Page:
Enough about that. It's a bike. How does it ride?
Congratulations on making it this far into a bike review without any information on what the bike actually is or what it's like on the trail. The Spectral is a mid-travel affair, with 27.5-inch wheels and 140 millimeters of suspension out back, and a 150-millimeter fork. As mentioned earlier, it recently underwent a redesign, receiving the obligatory longer and slacker treatment. It's not crazy slack, though, with a practical 66-degree head angle.
It's not trying to win any long reach contests either—this is Canyon, not Pole—but the 456-millimeter reach on my size large test bike is comfortable for me with the stock 50-millimeter stem. I'm 6 feet tall, by the way. The reason this reach feels comfy is because the Spectral's 74-degree seat tube angle isn't remarkably steep, as is becoming the latest craze in "modernizing" mountain bike geometry. I'd have to admit that I'm really loving this whole steep seat angle trend because it's very effective at mitigating shock squatting and making bikes of all travel climb better. When you go super steep on the seat angle, though, you need reach figures closer to 475-millimeters, which of course, stretches the whole bike out. That would throw off the reasonableness of the bike's 1,215-millimeter wheelbase—all of which would create a whole different ball of wax.
What I like about the Spectral's in-the-box numbers is they add up to an overall familiar feel on the trail, as far as body positioning, weight bias, cornering feel and responsiveness are concerned. With some of today's über long bikes I'll have to constantly remind myself to aggressively weight the front end to combat the bike's tendency to understeer otherwise. The Spectral is not one of those bikes. It does mean the bike is less shred-tastic—or whatever—than those kinds of bikes, but guess what? Sometimes it's about the ride, not the rad. It's not always awesome to ride a bike that requires a full-on downhill racing posture to coax it through every single corner.
That doesn't mean the Spectral isn't made for pushing limits, it's just my way of saying that it's not the most radical bike in the world. There are trails here in Bellingham that could leave some riders feeling a little under gunned on the Spectral, but overall this little-wheeled mid-travel bike still falls squarely in the "aggressive trail" category. The high volume Maxxis 2.6-inch tires do help land it there.
So does the Spectral's hungry rear suspension, which makes a meal out of trail chatter and big hits alike. The beginning stroke is quite active, supple, and feels deeper than it does on other bikes before it starts getting into the supportive middle part of the stroke. This results in less overall pedaling support when the shock is in the open setting, but sure does let the wheel give the ground a big ol' bear hug. Tracking through rough stuff and things like brake-bump-filled corners is top notch, even with the relatively basic shock. Once you do hit the supportive part of the stroke, it gets rapidly more progressive from there, with no harsh bottoming. I run the rebound pretty fast, which helps the suspension work off that nice supple beginning stroke as much as possible. This provides the lightly damped, active suspension feel I prefer. If I could get that and excellent pedaling support, I'd be in heaven. But the Spectral's new semi-horizontal shock orientation makes reaching for the shock's lockout lever really easy, so it's not a deal breaker for me. In the end, I find myself going just as fast and having just as much fun on this bike than I do on other, way fancier bikes in my bike rack. There's a lot to be said for that.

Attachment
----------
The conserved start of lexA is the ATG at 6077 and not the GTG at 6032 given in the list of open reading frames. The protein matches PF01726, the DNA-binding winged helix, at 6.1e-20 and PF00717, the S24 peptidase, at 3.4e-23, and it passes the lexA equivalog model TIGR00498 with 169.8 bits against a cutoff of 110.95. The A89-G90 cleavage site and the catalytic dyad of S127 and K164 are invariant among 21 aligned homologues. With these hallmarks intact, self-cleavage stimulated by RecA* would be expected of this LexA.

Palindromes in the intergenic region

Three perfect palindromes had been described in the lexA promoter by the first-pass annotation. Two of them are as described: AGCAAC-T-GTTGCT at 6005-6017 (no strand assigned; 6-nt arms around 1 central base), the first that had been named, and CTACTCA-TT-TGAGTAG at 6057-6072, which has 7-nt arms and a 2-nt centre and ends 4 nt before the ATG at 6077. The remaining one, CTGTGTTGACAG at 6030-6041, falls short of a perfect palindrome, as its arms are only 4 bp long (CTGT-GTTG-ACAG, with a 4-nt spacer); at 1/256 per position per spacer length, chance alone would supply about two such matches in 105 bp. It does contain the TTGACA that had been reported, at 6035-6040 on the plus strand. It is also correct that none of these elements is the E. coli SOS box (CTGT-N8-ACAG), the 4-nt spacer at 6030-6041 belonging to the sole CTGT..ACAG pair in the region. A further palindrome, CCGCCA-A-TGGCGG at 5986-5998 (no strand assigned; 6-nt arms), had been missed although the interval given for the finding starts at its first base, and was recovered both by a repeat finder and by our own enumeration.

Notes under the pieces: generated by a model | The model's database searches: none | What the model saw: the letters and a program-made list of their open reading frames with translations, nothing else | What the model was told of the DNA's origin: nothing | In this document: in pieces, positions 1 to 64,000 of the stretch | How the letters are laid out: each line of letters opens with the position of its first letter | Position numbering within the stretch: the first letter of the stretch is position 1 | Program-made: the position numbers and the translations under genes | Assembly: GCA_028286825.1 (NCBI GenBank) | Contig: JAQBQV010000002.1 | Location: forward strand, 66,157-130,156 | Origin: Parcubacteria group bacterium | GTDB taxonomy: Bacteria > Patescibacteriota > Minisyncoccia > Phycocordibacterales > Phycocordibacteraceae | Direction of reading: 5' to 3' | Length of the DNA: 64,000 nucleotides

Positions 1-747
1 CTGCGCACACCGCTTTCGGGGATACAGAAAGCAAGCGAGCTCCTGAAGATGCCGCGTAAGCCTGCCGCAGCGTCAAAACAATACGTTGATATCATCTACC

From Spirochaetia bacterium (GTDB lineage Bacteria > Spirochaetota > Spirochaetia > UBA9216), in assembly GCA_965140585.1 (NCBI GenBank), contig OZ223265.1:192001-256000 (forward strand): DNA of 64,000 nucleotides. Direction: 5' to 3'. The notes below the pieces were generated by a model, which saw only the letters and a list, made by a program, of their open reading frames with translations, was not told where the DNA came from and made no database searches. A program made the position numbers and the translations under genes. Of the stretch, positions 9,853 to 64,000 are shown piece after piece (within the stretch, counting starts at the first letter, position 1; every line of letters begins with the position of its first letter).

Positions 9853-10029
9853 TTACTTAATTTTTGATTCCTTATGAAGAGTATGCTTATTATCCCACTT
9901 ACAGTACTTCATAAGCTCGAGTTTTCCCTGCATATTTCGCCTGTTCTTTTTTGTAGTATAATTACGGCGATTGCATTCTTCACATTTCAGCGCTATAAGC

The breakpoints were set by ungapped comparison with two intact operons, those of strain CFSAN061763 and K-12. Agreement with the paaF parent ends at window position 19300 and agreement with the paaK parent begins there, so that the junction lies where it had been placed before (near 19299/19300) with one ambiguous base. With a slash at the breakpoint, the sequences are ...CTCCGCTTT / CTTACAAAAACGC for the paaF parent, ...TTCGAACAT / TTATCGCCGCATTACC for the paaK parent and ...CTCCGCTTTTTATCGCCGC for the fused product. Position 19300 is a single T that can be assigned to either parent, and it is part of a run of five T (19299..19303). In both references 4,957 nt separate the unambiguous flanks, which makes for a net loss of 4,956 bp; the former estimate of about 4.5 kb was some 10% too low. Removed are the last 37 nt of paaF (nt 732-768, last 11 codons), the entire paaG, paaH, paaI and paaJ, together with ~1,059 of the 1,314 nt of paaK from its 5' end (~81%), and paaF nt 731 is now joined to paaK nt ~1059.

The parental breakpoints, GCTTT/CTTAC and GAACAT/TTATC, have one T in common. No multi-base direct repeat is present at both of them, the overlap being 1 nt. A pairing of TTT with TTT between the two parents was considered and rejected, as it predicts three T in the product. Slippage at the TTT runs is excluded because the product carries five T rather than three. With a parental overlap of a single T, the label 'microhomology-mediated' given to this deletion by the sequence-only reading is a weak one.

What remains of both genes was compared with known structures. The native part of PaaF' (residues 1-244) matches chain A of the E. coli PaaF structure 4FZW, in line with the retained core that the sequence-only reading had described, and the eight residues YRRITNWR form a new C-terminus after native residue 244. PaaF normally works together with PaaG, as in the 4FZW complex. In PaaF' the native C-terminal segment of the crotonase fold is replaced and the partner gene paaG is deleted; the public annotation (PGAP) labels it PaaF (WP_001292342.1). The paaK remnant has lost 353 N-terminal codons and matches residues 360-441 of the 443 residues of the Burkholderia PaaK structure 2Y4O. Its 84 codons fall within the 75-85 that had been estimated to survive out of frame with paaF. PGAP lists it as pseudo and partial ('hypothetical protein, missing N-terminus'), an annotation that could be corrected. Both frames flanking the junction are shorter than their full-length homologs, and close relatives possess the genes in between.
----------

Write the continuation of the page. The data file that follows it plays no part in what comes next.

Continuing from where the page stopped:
The Spectral bobs and weaves as quickly as a small-wheeled bike should, and its short 430-millimeter stays help keep the rear wheel underneath the rider enough to feel exactly where it is and control where it's headed next. This is something I like to refer to as rear wheel steering, and bikes that let you do it are fun as hell.
One of the component choices that makes a huge impact on the ride quality of this particular bike is the wheelset. DT makes phenomenal wheels, and the M 1900 Splines are lightweight and responsive. A crappier set of hoops would for sure make this bike feel a lot less legit. It's something that keeps coming up in my mind everytime I ask myself how a bike this affordable can match the performance of bikes twice its price. And that gets back to Canyon's ability to offer such great spec for the price by cutting out the middle man. Just keep in mind, you'll still need your shop to keep it running. So go buy a six pack, drop it off at your LBS, and apologize for buying a mail-order bike. Or better yet, buy a proper width handlebar for your Spectral from them—760 millimeters is too narrow for a bike this good.